Five years ago, I was having a really hard time at my previous job, and as a way of getting some space from departmental politics, was offered the opportunity to work for 8 weeks a year for two years as a guest professor at the Katholieke Universiteit Leuven (KUL), in Belgium. My old friend Germain Lietaer was retiring and they needed someone to teach a course on psychotherapy, help supervise a couple of their PhD students, and help strengthen the research component of their parttime Person-Centred-Experiential (PCE) therapy postgraduate course. We arranged that I would come 4 times a year for two weeks at a time, and that I would teach the course partly as a distance learning course. There then followed a rather crazy schedule in which on top of my teaching at the University of Toledo, I kept sloping off to Belgium where I had this other life.
Among other things, I started studying Dutch. For one of the visits, Diane and Kenneth came along, and we all did a privately-tutored two-week intensive course in Dutch, during which we would have long arguments about grammar and syntax and theories of language learning. I guess you could think of it as a peculiar form of Extreme Family Vacation.
One of things I worked on over those two years was the development of a protocol for an empirical single case study requirement in the PCE therapy course. Nele Stinckens was (and is) the director of the course and we began working together on this project. Nele is very organized, bright Flemish psychologist with a puckish sense of humor and a strong sense of herself. She asked one of her clients to be a demonstration case study and provided a professional example of what we were asking the students to do. I did a presentation on one of my case studies (the client with the bridge phobia; the write-up has also just been published). We worked with the students to help keep them moving and to help them deal with their stuck places, of which there were many. We presented our ongoing work at several conferences, and eventually wrote it up. This is the article that emerged out of that collaboration and my two years at KUL. It is a real pleasure to see it appear in print.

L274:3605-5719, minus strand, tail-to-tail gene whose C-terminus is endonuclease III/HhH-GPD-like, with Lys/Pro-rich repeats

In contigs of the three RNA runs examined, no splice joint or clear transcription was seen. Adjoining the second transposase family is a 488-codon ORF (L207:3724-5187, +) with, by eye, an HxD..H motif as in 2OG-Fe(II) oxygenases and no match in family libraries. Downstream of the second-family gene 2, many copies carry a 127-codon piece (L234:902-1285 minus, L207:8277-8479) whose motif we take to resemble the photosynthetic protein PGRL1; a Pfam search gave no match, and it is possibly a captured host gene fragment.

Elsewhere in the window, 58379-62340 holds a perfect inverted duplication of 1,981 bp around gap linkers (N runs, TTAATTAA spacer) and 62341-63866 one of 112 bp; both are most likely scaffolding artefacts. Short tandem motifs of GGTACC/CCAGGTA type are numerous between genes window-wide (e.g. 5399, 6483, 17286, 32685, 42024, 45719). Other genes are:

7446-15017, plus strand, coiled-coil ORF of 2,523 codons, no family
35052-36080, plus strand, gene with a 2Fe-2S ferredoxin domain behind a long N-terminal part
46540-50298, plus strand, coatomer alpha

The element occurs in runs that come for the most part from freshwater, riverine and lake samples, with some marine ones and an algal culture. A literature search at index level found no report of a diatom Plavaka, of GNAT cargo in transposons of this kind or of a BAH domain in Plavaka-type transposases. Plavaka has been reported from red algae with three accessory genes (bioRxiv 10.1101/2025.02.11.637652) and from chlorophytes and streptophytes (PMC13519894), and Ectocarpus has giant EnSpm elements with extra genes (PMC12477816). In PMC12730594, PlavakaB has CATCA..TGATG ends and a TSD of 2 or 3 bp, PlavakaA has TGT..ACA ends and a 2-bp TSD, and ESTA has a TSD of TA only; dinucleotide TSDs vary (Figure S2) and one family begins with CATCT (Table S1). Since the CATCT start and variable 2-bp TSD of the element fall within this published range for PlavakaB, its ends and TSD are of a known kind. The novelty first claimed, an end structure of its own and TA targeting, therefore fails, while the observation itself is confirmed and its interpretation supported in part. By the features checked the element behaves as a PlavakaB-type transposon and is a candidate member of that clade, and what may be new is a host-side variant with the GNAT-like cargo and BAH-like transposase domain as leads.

Abstract: The goal of the Leuven systematic case-study research protocol project is to stimulate practice-oriented research in order to bridge the gap between research and practice. In this article we give a progress report of the project, in which a set of Dutch-language research instruments was created and tested with postgraduate trainees in Person-Centred/Experiential therapy at the University in Leuven (Belgium). We begin by presenting the general framework for the protocol, including the three major domains of therapy process, therapy outcome and client/therapist characteristics. Then, we give an overview of the quantitative and qualitative instruments used. We explain how the project has been implemented in the postgraduate programme. To evaluate the success of the project, we analyzed the answers of our trainees on a questionnaire. We give an overview of the clinical cases involved and the variety of research questions that have been formulated in the individual case-studies. Finally we discuss the value of this pilot project.
Reference: Stinckens, N., Elliott, R., & Leijssen, M. (2009). Bridging the Gap Between Therapy Research and Practice in a Person-Centered/Experiential Therapy Training Program: The Leuven Systematic Case-study Research Protocol. Person-Centred and Experiential Psychotherapies, 8, 143-162.